Unconventional Protein Secretion in Brain Tumors Biology: Enlightening the Mechanisms for Tumor Survival and Progression

Rebeca Piatniczka Iglesia, Mariana Brandão Prado, Rodrigo Nunes Alves, Maria Isabel Melo Escobar, Camila Felix de Lima Fernandes, Ailine Cibele dos Santos Fortes, Maria Clara da Silva Souza, Jacqueline Marcia Boccacino, Giovanni Cangiano, Samuel Ribeiro Soares, João Pedro Alves de Araújo, Deanna Marie Tiek, Anshika Goenka, Xiao Song, Jack Ryan Keady, Bo Hu, Shi Yuan Cheng, Marilene Hohmuth Lopes*

*Corresponding author for this work

Research output: Contribution to journalReview articlepeer-review

6 Scopus citations


Non-canonical secretion pathways, collectively known as unconventional protein secretion (UPS), are alternative secretory mechanisms usually associated with stress-inducing conditions. UPS allows proteins that lack a signal peptide to be secreted, avoiding the conventional endoplasmic reticulum-Golgi complex secretory pathway. Molecules that generally rely on the canonical pathway to be secreted may also use the Golgi bypass, one of the unconventional routes, to reach the extracellular space. UPS studies have been increasingly growing in the literature, including its implication in the biology of several diseases. Intercellular communication between brain tumor cells and the tumor microenvironment is orchestrated by various molecules, including canonical and non-canonical secreted proteins that modulate tumor growth, proliferation, and invasion. Adult brain tumors such as gliomas, which are aggressive and fatal cancers with a dismal prognosis, could exploit UPS mechanisms to communicate with their microenvironment. Herein, we provide functional insights into the UPS machinery in the context of tumor biology, with a particular focus on the secreted proteins by alternative routes as key regulators in the maintenance of brain tumors.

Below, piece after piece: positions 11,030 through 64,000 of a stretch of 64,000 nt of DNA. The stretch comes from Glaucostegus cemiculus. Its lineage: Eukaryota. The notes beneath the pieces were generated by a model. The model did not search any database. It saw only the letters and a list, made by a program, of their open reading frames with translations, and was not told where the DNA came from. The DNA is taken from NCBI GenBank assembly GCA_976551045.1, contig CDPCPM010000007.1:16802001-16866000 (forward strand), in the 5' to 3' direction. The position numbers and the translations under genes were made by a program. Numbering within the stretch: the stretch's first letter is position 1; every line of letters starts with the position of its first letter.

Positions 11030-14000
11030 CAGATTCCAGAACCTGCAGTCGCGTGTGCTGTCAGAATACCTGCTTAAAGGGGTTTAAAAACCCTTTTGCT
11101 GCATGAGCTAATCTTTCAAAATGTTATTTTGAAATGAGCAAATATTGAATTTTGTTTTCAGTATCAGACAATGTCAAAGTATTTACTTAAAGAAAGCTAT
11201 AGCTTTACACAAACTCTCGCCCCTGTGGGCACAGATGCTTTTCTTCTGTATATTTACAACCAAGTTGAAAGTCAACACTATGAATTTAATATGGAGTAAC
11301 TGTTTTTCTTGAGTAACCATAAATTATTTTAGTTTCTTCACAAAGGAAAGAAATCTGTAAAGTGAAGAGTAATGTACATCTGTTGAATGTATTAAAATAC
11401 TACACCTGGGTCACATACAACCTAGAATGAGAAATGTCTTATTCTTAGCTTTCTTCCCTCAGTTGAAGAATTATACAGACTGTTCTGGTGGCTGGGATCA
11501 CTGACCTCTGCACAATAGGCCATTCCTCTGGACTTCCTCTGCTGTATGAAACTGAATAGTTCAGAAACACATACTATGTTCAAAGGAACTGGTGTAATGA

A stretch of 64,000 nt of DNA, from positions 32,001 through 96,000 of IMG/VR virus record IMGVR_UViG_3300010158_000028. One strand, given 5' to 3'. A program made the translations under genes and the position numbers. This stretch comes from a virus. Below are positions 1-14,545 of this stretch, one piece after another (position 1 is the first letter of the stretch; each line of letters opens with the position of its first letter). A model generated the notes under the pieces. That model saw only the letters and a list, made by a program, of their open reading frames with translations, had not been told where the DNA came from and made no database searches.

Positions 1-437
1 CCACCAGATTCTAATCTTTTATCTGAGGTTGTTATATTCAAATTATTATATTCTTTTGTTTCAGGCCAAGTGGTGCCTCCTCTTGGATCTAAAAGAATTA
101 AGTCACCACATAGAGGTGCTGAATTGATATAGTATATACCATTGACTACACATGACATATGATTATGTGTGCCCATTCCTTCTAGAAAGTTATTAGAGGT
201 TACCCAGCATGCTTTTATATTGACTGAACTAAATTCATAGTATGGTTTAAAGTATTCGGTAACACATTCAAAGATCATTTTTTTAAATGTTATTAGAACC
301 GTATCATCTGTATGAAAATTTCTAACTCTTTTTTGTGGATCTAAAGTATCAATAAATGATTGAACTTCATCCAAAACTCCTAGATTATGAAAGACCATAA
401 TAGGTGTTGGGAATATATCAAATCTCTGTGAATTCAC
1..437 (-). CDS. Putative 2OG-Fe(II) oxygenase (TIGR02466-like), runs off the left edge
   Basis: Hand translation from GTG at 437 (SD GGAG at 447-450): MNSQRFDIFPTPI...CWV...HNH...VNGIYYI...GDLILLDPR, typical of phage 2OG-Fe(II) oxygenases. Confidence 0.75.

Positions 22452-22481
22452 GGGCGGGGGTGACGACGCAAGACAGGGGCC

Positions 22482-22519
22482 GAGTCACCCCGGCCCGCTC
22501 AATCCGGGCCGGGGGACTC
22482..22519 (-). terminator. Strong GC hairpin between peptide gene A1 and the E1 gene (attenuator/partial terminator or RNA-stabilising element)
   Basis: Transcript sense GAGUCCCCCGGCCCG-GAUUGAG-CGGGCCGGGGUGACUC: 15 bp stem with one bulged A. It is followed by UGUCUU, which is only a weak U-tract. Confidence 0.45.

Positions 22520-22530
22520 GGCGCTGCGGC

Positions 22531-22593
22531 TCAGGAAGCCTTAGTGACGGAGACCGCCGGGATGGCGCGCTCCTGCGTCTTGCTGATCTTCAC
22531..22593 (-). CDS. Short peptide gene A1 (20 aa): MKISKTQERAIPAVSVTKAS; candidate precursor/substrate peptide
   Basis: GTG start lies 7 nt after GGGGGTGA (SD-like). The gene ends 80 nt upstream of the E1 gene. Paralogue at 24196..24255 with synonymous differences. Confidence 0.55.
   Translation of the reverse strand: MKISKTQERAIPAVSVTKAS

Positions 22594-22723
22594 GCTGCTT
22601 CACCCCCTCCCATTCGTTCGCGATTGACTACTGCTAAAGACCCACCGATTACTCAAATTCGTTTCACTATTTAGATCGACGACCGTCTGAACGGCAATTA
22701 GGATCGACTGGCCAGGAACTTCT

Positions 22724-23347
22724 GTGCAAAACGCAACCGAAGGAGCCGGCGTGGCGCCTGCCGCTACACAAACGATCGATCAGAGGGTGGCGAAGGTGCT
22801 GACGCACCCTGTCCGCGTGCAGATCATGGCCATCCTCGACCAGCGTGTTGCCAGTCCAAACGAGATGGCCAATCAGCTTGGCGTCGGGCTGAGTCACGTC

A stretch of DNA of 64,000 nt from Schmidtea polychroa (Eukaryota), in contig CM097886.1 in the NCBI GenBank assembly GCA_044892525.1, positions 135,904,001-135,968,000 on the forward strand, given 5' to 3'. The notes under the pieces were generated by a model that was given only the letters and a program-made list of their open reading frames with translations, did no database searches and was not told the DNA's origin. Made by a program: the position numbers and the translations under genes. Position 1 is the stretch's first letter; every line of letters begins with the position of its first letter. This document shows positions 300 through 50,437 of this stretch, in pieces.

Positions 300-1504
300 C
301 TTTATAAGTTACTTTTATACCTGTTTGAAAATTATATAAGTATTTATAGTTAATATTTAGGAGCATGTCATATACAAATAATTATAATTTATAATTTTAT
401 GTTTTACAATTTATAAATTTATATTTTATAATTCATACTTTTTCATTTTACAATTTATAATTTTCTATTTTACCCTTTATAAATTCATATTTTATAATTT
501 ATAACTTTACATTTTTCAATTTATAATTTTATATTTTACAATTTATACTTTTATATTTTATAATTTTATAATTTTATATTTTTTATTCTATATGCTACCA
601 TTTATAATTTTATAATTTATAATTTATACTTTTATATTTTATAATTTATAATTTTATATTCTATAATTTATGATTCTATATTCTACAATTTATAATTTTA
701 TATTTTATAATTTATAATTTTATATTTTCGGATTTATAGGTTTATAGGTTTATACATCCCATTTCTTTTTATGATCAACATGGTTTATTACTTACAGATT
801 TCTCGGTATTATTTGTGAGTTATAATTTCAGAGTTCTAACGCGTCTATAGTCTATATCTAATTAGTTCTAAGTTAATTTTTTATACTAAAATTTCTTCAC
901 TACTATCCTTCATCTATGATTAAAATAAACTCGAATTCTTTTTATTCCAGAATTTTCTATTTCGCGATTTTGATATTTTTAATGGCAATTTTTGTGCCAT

Original languageEnglish (US)
Article number907423
JournalFrontiers in Cell and Developmental Biology
StatePublished - Jun 15 2022


  • ER stress
  • brain
  • cancer
  • glioblastoma
  • glioma
  • leaderless
  • secretion

ASJC Scopus subject areas

  • Cell Biology
  • Developmental Biology


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